Colchester Hospital’s boss has said he believes patients who refuse to be treated by someone of a different ethic background should be denied treatment.

Nick Hulme spoke out amid concerns the number of hospital staff who are regularly subjected to racist abuse is increasing.

Speaking to ITV he said: “Should we be refusing treatment for people who specifically say they won’t have treatment from somebody of an ethnic background? My view is yes, we should.”

Mr Hulme says he and the trust take a no tolerance approach to racist behaviour towards staff.

Earlier this year Mr Hulme described north east Essex as “probably the most homophobic, racist, awful, place to live in this country”.

During a discussion organised by the Health Service Journal, he hit out at views held by some patients and urged people to challenge them.

Mr Hulme said the East Suffolk and North Essex Foundation Trust had a more diverse workforce than the patient group it serves and urged fellow chief executives to challenge racist and homophobic abuse from staff and patients.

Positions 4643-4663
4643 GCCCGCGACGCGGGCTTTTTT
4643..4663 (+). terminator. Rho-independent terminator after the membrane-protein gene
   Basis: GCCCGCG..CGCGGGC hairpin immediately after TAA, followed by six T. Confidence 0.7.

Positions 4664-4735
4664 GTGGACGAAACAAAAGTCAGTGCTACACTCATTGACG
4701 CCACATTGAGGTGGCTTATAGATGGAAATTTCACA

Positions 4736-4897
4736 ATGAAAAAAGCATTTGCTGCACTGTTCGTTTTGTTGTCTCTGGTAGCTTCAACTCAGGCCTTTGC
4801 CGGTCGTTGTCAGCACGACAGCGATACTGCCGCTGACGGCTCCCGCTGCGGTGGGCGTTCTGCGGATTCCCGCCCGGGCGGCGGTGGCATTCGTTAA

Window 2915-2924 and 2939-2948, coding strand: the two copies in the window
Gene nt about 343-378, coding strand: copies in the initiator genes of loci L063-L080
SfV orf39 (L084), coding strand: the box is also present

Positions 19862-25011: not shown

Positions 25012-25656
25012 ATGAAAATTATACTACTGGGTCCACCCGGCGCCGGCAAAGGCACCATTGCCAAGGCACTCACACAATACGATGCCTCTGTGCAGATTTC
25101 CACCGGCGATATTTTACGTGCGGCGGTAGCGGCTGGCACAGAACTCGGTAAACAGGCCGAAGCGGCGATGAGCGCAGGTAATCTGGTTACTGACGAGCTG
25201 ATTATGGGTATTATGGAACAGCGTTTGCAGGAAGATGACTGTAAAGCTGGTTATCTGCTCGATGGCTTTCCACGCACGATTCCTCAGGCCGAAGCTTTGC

He said: “We have some of the most right wing, bigoted, racist and homophobic remarks and behaviours, certainly in north east Essex.

“How do you deal with a patient who says they refuse to be treated by a black nurse, which is not uncommon?

“How do we challenge that as leaders?

“How do we challenge our staff when they make those comments?

“Do we reflect the community we serve or do we challenge the community we serve? I think we have a responsibility to challenge some of that.”

Mr Hulme worked in London for several years before taking on the chief executive role at Ipswich Hospital and arrived at his role in Colchester three years ago, prior to the two trust’s eventually merging.